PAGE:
I don’t get Goodnight Moon.
I mean, on the one hand, of course I get it. What is there to not get? There’s a rabbit going to bed, and as he goes through his nighttime routine, he says goodnight to all of the things in his room, including but not limited to a mouse, two cats who seem unconcerned about the presence of a mouse, and a bowl full of mush, which only seems to be appetizing to the mouse.
But on the other hand, I don’t get it. The illustrations are charming but not great. The rhyme is pretty basic. There are no characters, nothing extremely clever, and every other two-page spread is in grayscale. When I looked at it at Goodwill before Erin was born, I hesitated before I threw it in the cart. My brother and I didn’t have it when we were kids, so there was no nostalgia driving me to make sure this book was on Erin’s shelf. I wasn’t sure there would be anything in this book, despite its status as a classic, to appeal to a modern child. For 50 cents for a brand-new copy, I figured I could take the chance even though it didn’t speak to me at all.
None of that matters, though, and this is why: Erin loves it. She loves lots of books (Duck and Goose Find a Pumpkin, Little Tickles, Jamberry, Clifford’s Furry Friends, and Touch the Art: Tickle Tut’s Toes, to name a few), but she has a special spot in her baby bibliophile heart for Goodnight Moon. She specifically goes to the shelf to pick it out. She pushes it across the floor to me to read not just at bedtime but during the day as well. She points to the little toy house and the young mouse as I say the words, and excitedly declares “Kitties!!” every time the kittens appear on the rug. She will go to bed if she hasn’t heard it, but not as easily as she does when it is the last bedtime story we read.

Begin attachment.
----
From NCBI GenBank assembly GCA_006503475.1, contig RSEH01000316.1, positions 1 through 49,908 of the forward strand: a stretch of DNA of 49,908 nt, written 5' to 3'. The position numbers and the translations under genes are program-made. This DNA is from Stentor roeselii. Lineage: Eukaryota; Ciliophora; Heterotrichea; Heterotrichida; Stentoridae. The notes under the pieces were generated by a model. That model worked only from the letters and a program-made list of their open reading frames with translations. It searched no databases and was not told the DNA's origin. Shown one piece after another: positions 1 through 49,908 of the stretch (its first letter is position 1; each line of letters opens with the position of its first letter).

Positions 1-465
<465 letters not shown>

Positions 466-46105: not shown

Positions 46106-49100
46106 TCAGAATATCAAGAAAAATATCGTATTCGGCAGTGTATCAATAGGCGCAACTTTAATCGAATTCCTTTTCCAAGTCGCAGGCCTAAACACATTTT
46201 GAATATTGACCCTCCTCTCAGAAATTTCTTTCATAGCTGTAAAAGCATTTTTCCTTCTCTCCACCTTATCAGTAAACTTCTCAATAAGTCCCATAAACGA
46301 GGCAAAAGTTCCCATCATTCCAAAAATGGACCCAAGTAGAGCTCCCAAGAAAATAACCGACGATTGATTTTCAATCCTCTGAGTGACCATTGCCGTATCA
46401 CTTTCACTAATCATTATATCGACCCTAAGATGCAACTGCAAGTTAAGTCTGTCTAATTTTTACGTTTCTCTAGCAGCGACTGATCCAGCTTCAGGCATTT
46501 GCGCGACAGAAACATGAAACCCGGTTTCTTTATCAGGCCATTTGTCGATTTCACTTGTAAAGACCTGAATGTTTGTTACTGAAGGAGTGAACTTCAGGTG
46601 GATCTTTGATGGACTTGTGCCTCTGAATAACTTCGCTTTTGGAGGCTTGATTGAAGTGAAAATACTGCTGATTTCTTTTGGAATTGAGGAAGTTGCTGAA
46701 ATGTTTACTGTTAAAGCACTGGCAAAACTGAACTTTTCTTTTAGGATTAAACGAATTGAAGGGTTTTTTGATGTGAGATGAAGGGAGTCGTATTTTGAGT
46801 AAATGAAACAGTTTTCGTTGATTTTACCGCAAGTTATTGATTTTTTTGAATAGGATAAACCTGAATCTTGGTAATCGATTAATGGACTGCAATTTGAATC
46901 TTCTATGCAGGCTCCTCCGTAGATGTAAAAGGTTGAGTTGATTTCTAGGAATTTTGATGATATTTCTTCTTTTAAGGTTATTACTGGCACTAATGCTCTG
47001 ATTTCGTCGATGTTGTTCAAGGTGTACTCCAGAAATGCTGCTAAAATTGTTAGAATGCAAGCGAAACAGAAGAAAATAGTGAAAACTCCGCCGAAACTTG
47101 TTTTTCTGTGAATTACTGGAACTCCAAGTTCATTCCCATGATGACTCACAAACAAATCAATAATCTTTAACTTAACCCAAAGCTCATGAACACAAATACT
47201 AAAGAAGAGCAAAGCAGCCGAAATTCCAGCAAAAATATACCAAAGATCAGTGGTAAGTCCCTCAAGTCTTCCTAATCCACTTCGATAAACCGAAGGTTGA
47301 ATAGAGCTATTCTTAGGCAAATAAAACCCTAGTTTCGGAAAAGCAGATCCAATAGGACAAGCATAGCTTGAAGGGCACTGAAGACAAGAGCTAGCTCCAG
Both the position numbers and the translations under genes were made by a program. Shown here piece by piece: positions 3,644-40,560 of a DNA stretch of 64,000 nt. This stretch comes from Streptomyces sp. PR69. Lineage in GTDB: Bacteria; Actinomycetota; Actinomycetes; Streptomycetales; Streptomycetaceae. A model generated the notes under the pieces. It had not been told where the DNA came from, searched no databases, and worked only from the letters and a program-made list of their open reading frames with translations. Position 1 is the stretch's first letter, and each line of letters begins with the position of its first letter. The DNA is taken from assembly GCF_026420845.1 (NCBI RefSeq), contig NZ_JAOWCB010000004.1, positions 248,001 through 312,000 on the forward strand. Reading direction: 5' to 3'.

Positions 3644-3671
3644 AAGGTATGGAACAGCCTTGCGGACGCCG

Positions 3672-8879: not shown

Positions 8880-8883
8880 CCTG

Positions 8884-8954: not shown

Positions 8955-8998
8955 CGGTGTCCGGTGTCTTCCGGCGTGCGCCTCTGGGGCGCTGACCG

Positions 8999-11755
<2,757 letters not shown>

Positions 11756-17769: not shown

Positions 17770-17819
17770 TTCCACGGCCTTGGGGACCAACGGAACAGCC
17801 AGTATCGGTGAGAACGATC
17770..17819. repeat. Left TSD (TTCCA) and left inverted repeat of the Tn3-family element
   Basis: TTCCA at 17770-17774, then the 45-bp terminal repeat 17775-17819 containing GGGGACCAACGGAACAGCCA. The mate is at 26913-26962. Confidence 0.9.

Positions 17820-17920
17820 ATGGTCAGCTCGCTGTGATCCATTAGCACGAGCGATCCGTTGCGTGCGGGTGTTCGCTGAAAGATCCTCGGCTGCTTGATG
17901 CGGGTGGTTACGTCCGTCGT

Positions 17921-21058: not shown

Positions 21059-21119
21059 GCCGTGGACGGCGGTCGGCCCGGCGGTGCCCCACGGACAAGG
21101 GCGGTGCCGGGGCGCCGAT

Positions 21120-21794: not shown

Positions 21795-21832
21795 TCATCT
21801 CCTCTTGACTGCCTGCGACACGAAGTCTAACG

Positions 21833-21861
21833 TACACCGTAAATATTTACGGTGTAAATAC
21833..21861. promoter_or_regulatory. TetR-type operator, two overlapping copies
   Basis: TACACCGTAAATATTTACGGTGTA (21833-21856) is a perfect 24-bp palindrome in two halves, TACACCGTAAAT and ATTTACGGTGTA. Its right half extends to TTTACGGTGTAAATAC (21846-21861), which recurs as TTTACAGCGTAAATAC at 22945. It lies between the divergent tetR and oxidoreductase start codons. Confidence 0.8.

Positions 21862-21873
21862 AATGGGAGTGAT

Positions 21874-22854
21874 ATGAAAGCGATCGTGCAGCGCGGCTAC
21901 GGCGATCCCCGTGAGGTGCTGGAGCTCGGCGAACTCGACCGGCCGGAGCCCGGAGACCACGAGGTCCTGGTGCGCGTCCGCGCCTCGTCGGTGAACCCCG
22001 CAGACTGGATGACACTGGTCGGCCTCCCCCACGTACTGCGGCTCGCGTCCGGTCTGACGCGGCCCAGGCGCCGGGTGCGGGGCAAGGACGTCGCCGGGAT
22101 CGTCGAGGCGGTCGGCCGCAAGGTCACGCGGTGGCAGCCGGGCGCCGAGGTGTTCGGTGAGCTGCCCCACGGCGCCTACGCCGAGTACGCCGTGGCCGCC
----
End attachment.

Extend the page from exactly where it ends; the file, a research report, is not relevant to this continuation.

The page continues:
We’ve been reading Goodnight Moon since Thanksgiving, and I still don’t understand what it is that sets this particular book apart for Erin. Maybe it’s the cadence of the words. Maybe it’s the simplicity, that this book is not surreptitiously trying to teach a lesson about colors or manners or shapes or body parts but instead is simply saying goodnight. Maybe it’s the repetition, the familiarity, the fact that this is the book that we always read before bed. Maybe it’s not the book at all, but instead the snuggling and the coziness she associates with it. Maybe I’ll never get Goodnight Moon. Maybe I don’t need to. Maybe all I need to know is my daughter loves it, and she loves reading it with me.
My brother and his wife had their first baby yesterday afternoon, a little girl with a tiny bit of reddish-brown hair. I sent a care package before she was born full of practical things like baby nail clippers and the Snugli Erin just outgrew, but this morning I sent them a copy of Goodnight Moon. I can only hope my niece loves it as much as Erin does.